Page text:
Rapid urbanization, globalization, economic development, technological advancement, and changing agriculture production systems in South Asia are transforming food systems and the food environment.
India and Bangladesh, particularly, have seen a significant transformation since the advent of the Green Revolution as each became able to feed their population without having to import major crops.
However, that policy focus on food self-sufficiency and yield intensification has incurred significant health, environmental and fiscal costs, including a precipitous drop in crop diversification*.
This loss of crop diversification threatens economic and social development and environmental stability while weakening the crucial link between agriculture and community health, particularly in undernourished rural areas. To ensure sustainable food production and nutritional security, it is imperative to manage and conserve crop diversification.
To address these issues and ensure sustainable food production, there is an urgent need to transition from intensive to sustainable farming practices.
CIMMYT exploring crop diversification pathways
CIMMYT’s ongoing projects in South Asia, including the Transforming Agrifood Systems in South Asia (TAFSSA) and Transforming Smallholder Food Systems in the Eastern Gangetic Plains (RUPANTAR) are conducting extensive on-site and on-farm trials, including socioeconomic dimensions of farmers to promote crop diversification.
“To effectively address the challenges of crop diversification, it is essential to integrate on-farm trials and participatory action research, involving farmers in the experimentation and adaptation process tailored to their unique regional needs,” said Ravi Nandi, innovation systems scientist at CIMMYT in Bangladesh. “This hands-on involvement provides valuable data to guide policymaking, ensuring relevance and applicability.”
In addition, TAFSSA and RUPANTAR are engaging in participatory action research to uncover the most viable options for crop and livelihood diversification, understand the socioeconomic factors impacting farmers, and identify the potential opportunities and challenges associated with the crop and livelihood diversification efforts among the farmers.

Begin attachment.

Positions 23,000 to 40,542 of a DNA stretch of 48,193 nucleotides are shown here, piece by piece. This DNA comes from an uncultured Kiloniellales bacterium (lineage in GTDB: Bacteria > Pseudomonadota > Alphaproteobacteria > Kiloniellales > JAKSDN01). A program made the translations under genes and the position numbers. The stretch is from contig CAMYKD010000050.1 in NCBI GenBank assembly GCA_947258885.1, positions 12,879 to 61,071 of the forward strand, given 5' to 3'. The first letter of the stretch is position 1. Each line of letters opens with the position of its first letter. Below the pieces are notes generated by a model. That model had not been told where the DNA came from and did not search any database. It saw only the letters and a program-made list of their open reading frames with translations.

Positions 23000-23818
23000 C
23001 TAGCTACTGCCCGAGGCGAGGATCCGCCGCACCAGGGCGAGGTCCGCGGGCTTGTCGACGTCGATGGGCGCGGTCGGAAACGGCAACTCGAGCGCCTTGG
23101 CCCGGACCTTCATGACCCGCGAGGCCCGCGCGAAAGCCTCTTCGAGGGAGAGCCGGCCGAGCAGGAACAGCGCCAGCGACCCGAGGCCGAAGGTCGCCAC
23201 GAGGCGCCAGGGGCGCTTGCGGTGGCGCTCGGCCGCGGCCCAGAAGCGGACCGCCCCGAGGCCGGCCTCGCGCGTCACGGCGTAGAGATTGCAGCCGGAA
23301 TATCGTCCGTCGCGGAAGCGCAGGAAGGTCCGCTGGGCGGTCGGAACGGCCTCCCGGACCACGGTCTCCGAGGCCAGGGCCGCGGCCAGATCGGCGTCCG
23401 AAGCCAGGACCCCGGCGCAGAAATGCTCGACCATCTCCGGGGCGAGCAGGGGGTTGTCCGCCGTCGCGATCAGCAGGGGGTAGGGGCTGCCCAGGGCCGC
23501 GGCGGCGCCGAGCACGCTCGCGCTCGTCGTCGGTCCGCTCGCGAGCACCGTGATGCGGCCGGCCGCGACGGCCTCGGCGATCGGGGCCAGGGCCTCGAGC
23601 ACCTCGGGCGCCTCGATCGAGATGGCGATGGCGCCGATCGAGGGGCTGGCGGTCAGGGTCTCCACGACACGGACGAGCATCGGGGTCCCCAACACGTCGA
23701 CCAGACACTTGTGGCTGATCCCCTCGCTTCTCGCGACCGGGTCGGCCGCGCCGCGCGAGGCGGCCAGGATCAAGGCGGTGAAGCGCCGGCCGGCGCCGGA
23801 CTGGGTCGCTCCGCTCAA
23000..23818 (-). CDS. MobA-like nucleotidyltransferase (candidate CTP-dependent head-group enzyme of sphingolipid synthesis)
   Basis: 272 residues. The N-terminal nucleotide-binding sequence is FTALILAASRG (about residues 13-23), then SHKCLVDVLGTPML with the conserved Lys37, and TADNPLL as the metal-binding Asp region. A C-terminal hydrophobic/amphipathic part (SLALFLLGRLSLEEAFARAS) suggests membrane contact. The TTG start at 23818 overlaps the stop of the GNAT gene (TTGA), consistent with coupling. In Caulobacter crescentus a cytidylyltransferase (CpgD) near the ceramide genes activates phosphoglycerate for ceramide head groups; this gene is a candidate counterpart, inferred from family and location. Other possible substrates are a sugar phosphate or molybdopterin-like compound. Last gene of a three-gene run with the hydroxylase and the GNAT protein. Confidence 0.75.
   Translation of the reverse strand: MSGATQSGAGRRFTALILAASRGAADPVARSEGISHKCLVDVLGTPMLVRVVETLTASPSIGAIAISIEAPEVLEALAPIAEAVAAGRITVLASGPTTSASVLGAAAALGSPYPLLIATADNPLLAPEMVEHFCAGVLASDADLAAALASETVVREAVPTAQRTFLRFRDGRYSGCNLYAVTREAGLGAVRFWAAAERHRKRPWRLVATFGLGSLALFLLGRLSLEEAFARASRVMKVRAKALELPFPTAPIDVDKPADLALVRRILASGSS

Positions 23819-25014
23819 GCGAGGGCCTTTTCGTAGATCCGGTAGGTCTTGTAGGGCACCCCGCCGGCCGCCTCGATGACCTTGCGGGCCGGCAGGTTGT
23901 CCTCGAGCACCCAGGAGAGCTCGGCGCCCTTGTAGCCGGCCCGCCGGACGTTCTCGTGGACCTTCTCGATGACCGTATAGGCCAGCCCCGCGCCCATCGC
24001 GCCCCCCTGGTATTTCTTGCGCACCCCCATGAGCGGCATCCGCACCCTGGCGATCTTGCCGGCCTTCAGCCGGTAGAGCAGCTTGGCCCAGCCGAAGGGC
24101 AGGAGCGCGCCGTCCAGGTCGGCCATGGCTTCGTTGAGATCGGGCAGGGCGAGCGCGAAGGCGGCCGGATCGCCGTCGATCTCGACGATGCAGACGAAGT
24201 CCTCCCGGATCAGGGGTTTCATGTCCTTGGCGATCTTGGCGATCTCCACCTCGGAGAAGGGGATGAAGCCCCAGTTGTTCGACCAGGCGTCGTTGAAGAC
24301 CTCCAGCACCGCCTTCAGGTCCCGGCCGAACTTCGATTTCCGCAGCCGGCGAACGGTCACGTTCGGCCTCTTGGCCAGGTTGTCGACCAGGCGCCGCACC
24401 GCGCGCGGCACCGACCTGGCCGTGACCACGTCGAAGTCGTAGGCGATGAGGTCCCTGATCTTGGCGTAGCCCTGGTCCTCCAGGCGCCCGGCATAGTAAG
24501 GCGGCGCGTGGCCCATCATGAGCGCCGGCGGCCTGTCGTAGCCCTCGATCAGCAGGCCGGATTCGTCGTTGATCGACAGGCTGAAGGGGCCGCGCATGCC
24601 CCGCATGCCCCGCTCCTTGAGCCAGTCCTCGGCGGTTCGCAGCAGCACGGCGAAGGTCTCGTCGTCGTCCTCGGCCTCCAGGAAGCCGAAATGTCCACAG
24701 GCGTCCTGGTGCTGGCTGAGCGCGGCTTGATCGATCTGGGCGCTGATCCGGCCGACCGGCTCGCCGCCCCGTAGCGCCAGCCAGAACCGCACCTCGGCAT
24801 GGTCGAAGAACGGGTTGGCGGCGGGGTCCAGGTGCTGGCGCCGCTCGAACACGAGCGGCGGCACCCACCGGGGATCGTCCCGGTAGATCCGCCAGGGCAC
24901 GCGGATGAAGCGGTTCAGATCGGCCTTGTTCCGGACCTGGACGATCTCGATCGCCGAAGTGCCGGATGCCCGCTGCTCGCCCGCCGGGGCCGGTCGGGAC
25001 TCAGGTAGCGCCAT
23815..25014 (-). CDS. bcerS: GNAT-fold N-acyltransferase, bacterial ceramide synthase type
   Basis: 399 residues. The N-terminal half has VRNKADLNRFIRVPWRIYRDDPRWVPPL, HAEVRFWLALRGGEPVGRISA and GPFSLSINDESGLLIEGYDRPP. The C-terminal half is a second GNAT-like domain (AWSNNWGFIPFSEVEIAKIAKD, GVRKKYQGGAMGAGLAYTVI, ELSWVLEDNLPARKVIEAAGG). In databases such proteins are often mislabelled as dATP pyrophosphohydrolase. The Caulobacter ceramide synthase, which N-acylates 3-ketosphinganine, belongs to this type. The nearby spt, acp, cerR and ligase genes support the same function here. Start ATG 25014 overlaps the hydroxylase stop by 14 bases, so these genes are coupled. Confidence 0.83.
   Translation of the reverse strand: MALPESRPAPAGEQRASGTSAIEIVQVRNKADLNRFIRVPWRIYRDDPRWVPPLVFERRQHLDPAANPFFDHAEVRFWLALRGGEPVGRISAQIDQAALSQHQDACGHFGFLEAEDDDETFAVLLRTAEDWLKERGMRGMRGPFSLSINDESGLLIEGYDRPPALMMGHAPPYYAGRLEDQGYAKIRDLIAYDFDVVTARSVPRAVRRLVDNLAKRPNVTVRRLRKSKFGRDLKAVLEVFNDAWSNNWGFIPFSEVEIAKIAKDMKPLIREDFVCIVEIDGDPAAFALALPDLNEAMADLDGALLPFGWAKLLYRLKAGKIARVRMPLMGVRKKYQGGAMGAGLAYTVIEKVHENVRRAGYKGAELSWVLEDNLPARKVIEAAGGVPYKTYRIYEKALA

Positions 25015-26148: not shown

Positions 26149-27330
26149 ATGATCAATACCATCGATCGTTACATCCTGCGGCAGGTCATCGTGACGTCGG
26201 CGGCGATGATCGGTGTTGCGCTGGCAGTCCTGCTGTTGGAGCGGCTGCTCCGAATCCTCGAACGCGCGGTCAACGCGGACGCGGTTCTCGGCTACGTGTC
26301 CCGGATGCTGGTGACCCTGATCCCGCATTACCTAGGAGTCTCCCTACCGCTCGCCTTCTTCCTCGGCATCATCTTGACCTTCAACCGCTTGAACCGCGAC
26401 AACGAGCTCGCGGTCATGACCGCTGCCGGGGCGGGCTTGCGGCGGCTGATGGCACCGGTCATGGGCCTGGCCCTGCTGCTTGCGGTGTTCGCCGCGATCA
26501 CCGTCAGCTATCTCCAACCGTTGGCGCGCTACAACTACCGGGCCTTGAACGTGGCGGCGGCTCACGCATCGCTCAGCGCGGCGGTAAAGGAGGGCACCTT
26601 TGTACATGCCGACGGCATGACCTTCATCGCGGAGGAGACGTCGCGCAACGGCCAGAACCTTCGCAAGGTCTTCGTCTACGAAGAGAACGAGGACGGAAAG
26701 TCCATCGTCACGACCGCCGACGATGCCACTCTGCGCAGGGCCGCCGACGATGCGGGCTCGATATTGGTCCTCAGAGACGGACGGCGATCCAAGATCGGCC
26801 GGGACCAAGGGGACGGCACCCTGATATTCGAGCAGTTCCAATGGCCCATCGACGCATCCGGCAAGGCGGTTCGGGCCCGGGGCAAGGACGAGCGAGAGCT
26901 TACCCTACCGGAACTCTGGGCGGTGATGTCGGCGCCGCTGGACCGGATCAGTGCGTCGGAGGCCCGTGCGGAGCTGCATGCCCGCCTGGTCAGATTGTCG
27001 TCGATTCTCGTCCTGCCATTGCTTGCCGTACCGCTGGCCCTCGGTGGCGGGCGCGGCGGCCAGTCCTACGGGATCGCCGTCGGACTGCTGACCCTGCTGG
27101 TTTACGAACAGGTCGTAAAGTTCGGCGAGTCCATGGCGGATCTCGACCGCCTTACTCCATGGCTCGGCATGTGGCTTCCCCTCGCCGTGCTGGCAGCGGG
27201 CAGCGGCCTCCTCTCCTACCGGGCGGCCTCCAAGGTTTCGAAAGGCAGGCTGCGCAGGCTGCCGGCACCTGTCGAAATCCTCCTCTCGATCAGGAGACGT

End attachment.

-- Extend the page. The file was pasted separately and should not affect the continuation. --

Researchers completed two comprehensive surveys, engaging with 2,500 farmers across the Eastern Gangetic Plains (EGP) of India, Nepal and Bangladesh, yielding valuable data that will inform future strategies for crop diversification in the region.
Ongoing investigations into the political economy of policies for crop diversification in Bangladesh generate novel insights, further contributing to the development of efficient crop diversification projects and sustainable agricultural policies.
The rise of crop diversification in practices and policy
In recent years, crop diversification has gained traction as a promising strategy to boost agricultural productivity, reduce risks (production, market, climate, and environmental), enhance nutritional outcomes, and promote sustainable agriculture.
Following the inaugural National Conference of Chief Secretaries in Dharamshala, India, led by the Prime Minister of India, state governments introduced numerous policies and schemes to support crop diversification. Some of these initiatives, highlighted in Figure 1, were backed by substantial budget allocations aimed at motivating farmers to diversify their crop production from the current intensive production system.
Similar initiatives have been started in Bangladesh, Nepal and other South Asian countries to promote crop diversification. These policies and schemes are important steps towards addressing inadequacies that intensive farming has created in agriculture and food systems.
While policies promoting crop diversification in South Asia are a positive step, their effectiveness is contingent on evidence-based decision-making. The complexities of implementing diversification strategies vary significantly depending on local contexts, particularly in countries like India, Nepal and Bangladesh, where most farmers operate on less than one hectare of land and face diverse weather conditions.
Smallholder farmers, at risk of losing economic stability from abandoning profitable monocrops, face additional challenges because of limited access to advanced technologies and fragmented markets, making the transition to diversified farming a precarious endeavor.
A shift towards comprehensive multi-criteria assessments, including qualitative methods and stakeholder interactions, is necessary for creating practical and locally relevant indicators. Supporting infrastructure, accessible extension services and market development, along with empowering farmers through education on agronomic practices and crop management, will play a crucial role in successfully implementing and reaping the benefits of crop diversification.
*Crop diversification is a process that makes a simplified cropping systems more diverse in time and space by adding additional crops.